Monetizing music videos

Once upon a time music videos were the gateway to stardom.  Michael Jackson and Madonna were the frontrunners whose careers were defined by their videos.  Something changed over the past few years as reality TV shows took over and music TV stations reduced the number of videos played.  Also, the viewing habits of youth began to move online.  In the culture of “freemium,”  Youtube videos were seen as promotional but not revenue generating.  At the same time, Youtube videos had replaced music buying altogether for some users.  This has left many artists wondering about their livelihood.

Over the last year, VEVO has been making its mark and changing things in such a way that music videos on Youtube can now be monetized. VEVO is a joint venture between Sony Music Entertainment, Universal Music Group, and Abu Dhabi Media, with EMI licensing its content to the group without taking an ownership stake.  The service was launched officially on December 8, 2009 .  The videos on VEVO are syndicated across the web,  with Google and VEVO sharing the advertising revenue.

Julie Lee, Executive Vice President, Business Development & Business Affairs at VEVO attended CMW to talk about their platform.   When explaining their role in music video broadcasting, she used the analogy that Youtube is like the cable company, while VEVO is the channel.  Their partnership with Youtube allows them to meet consumers where they’re at, rather than trying to change their consumption habits.  The volume of streaming video through VEVO is tremendous with 2.2. billion views per month worldwide and 750 million/month in the US.  Monetizing these views has defined the strategy and success of VEVO.

VEVO currently works with 350 advertisers and depending on the video, sponsorship can cost up to 3 million US dollars for 5 days.  Half of the money made goes to the licensor.  Ads are played approximately every 6 1/2 minutes.  As a side-note, an interesting theory was presented, that 250,000 youtube plays equals 1 radio play on a pop station.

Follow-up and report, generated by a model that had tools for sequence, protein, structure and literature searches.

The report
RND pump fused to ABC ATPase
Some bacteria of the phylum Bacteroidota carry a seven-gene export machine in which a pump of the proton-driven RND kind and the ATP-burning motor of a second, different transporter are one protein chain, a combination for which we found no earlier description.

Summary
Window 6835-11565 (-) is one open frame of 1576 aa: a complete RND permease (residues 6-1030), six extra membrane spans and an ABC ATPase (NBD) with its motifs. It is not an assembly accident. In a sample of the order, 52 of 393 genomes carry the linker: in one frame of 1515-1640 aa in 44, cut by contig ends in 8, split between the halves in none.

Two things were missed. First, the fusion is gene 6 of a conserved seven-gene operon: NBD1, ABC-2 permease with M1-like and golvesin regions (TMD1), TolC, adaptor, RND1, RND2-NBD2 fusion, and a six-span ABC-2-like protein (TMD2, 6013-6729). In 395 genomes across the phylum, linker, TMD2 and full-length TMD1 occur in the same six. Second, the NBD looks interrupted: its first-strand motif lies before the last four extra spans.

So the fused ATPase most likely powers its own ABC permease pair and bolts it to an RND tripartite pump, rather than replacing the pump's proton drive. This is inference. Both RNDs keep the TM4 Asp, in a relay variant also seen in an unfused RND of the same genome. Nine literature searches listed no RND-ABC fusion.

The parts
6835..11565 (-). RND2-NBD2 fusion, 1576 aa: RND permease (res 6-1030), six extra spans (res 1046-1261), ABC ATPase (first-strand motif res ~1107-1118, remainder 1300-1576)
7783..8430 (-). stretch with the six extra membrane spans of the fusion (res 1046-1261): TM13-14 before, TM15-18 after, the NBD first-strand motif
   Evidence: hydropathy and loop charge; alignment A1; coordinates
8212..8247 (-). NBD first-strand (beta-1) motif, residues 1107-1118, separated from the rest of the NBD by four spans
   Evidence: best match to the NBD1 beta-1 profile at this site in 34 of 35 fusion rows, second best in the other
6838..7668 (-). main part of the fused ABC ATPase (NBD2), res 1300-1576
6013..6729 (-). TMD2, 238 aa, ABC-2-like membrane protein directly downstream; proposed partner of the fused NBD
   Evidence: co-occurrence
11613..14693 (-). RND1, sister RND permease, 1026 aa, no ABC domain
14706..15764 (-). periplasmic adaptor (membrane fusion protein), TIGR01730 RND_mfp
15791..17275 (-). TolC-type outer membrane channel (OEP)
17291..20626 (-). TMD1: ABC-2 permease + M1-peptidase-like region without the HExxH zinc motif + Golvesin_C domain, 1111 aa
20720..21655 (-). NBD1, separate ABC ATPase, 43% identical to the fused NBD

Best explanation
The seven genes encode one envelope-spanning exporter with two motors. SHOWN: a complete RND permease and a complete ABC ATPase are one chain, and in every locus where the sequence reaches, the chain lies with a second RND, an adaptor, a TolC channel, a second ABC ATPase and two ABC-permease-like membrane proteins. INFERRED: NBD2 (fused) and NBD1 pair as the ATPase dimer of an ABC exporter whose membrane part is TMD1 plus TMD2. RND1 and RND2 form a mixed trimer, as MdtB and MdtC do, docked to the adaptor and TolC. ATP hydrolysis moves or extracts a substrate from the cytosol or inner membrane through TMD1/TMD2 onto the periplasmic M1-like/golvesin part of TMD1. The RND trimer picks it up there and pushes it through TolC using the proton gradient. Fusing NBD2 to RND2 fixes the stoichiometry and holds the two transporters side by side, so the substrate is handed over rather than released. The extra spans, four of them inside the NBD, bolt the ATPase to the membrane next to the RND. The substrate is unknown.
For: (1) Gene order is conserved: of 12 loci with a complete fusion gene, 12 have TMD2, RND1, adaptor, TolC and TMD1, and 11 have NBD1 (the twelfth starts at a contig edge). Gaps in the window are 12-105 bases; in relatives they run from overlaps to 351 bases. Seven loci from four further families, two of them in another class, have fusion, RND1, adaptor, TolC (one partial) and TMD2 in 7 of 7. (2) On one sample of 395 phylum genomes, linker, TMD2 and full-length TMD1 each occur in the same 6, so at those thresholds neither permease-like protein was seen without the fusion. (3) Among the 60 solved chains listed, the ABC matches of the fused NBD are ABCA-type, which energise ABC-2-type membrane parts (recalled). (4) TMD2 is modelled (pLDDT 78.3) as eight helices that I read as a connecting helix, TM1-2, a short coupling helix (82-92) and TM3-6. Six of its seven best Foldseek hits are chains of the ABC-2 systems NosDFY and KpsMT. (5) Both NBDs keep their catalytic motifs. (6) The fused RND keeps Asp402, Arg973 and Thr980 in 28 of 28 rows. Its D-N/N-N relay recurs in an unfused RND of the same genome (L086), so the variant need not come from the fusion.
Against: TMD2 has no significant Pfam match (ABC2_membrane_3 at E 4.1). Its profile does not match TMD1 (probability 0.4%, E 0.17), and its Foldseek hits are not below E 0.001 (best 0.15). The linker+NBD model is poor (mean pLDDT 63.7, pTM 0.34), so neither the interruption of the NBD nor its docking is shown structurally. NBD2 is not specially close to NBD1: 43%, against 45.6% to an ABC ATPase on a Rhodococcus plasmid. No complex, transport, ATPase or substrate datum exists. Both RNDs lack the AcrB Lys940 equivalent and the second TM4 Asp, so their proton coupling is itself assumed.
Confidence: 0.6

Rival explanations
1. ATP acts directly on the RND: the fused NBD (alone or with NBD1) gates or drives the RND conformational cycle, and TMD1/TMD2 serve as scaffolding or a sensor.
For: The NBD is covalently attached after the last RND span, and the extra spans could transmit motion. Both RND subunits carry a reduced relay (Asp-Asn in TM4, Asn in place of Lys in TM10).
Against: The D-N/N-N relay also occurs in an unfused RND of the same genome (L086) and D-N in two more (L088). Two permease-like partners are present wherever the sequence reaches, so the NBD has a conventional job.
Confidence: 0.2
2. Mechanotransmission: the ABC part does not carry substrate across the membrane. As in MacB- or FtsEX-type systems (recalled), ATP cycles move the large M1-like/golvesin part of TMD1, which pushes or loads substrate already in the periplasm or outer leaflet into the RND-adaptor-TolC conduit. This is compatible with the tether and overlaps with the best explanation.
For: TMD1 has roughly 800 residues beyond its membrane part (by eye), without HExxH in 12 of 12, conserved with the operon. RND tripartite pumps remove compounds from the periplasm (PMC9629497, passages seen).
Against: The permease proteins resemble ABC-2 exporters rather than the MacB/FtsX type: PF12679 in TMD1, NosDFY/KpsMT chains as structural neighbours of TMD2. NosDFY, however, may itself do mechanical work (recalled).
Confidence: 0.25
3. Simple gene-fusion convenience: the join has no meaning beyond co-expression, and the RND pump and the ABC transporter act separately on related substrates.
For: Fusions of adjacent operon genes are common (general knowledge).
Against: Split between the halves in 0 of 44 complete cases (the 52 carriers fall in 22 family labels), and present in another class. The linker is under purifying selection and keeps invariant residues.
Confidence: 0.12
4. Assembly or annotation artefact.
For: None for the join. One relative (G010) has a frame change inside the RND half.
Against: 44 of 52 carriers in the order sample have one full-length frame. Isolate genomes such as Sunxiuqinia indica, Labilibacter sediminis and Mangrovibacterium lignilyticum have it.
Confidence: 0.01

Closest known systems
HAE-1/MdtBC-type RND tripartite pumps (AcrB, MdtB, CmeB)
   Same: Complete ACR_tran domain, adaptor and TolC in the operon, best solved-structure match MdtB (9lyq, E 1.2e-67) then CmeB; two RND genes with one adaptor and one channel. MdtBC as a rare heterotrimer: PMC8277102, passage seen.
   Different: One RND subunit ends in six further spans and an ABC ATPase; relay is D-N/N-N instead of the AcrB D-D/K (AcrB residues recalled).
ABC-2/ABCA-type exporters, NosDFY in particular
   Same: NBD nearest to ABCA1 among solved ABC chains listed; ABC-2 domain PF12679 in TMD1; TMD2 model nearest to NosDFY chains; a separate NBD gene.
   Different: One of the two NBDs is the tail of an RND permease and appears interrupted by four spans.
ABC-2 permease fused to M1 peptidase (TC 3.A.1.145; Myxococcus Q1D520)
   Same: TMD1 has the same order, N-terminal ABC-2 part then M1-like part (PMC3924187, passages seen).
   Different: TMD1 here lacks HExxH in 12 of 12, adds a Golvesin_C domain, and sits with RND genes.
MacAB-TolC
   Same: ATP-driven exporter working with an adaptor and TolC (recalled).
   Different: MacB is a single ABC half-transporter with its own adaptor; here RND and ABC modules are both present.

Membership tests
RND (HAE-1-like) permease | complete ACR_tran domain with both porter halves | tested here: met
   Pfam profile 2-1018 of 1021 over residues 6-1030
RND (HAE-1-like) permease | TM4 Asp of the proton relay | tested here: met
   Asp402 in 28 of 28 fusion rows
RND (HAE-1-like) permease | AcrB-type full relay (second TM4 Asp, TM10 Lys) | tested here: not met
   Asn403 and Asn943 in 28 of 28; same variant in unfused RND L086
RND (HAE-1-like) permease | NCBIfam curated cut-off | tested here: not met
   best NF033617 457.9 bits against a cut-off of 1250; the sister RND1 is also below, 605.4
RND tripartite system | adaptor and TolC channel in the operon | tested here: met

What does this mean for independent artists?  There are some fears in the blogosphere that if large numbers of viewers migrate to the VEVO platform, they might only see signed artists.  Others argue that most people will likely stay with Youtube.   As VEVO continues to develop tailored viewing experiences through their platform and iphone/ipad/android apps, it will be interesting to see how consumer habits evolve.  VEVO has also launched a program to support and highlight emerging artists called, Lift.  (click here to read more about it).  Alternatively, artists have the option of partnering directly with Youtube through the “Musicians Wanted” program (click here for more information).

Having watched several teens and tweens consume music solely via Youtube, it is comforting to know that this consumption can now result in renumeration for artists.  Hopefully this is just the beginning of reclaiming the value of music for creators.

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One thought on “Monetizing music videos

  1. “Having watched several teens and tweens consume music solely via Youtube, it is comforting to know that this consumption can now result in renumeration for artists.”

    Will it?

    Most major label deals treat music videos as promotional. Artists are CHARGED for video production against their royalties. Perhaps a small amount will come to artist/writers/publishers through licensing and performance royalties, but the labels will take the lion’s share of any ad revenue. I guarantee that.

    Like

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